1. Further development of LEBS should be predicated on at least 50 percent cost sharing with industry to demonstrate its potential to reduce costs below those of current systems with comparable performance.
  2. *Future investment of DOE resources in first-generation systems should be based on realistic market expectations and value as an entry into new technology with high growth potential. At least 50 percent industry cost sharing should be required to demonstrate private sector confidence in these technologies.
  3. *Second- and third-generation gasification-based systems should be given the highest priority for new plant applications. Work on all the advanced systems should focus on acquiring the cost, emissions control, and efficiency information needed to select the most promising systems for further development. The limitations of critical components, such as heat exchangers, turbines, and fuel cells, and the timing and probability of technological successes should be taken into account. This process should begin before FY 1996 and should include a rigorous comparative study of the design options.
  4. The DOE coal program should focus on assessing and solving turbine life problems related to coal-generated trace materials. If limitations caused by trace components are identified, research on special control technologies and on alternative materials resistant to the effects of contaminants should be undertaken.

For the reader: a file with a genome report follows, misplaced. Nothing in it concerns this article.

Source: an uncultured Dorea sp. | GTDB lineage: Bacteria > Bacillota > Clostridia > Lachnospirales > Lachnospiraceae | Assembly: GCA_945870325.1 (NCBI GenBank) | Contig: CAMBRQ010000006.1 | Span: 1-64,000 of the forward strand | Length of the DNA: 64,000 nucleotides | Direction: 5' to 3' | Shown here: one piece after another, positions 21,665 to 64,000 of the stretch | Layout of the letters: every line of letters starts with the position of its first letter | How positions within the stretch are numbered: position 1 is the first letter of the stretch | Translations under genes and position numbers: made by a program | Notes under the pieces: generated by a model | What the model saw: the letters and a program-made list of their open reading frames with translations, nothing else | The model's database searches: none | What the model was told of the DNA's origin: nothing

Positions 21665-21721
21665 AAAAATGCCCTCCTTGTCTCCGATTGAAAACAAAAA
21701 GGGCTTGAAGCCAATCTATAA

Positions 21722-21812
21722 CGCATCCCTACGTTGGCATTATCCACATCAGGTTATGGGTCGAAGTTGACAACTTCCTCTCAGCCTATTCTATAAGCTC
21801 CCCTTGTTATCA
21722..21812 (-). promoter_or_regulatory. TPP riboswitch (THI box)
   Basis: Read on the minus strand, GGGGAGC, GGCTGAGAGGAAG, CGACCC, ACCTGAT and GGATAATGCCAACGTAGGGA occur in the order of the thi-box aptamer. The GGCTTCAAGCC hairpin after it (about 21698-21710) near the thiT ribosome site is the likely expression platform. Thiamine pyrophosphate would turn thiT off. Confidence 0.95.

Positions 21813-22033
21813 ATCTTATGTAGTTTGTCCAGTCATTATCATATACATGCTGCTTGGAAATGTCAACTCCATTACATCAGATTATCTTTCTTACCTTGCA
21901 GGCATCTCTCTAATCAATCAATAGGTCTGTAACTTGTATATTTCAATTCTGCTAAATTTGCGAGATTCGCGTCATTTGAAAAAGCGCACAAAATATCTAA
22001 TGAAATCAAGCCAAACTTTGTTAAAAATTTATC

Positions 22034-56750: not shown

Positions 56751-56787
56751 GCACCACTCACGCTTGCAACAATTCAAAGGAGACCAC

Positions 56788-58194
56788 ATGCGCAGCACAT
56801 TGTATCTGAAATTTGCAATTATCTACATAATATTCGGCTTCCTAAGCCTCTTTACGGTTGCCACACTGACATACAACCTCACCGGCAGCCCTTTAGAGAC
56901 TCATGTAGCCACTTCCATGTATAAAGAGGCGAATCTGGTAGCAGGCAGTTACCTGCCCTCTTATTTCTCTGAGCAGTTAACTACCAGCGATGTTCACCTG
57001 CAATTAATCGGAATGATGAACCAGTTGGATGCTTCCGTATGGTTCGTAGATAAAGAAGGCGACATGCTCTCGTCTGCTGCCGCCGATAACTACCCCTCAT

5. DOE should identify research priorities specific to the use of coal-derived gas in fuel cells, such as the effect of contaminants on fuel cell performance and emissions.
Emissions Control Technologies7
  1. *A critical assessment of hot gas cleanup systems for advanced IGCC and PFBC should be undertaken immediately to determine the likely costs and the ability to meet, in the next three to five years, all requirements for future high-temperature (>1260 °C [>2300 °F]) turbine operation and environmental acceptability.
  2. Research on control of volatile air toxics for advanced power systems should be initiated, with a priority on those substances that remain in a gaseous phase at typical exhaust gas temperatures (generally >95 °C [>200 °F]). Assessments of current capabilities to control other hazardous air pollutants should also be undertaken.
  3. Research should be continued on innovative approaches for less costly and more effective control of sulfur and nitrogen emissions in both retrofit and new plant applications.
  4. Reduction of solid waste emissions from coal use processes should be given a higher priority in the DOE research program, with emphasis on innovative and lower-cost by-product recovery and reuse. An evaluation of by-product


Asterisks (*) identify the most important recommendations.

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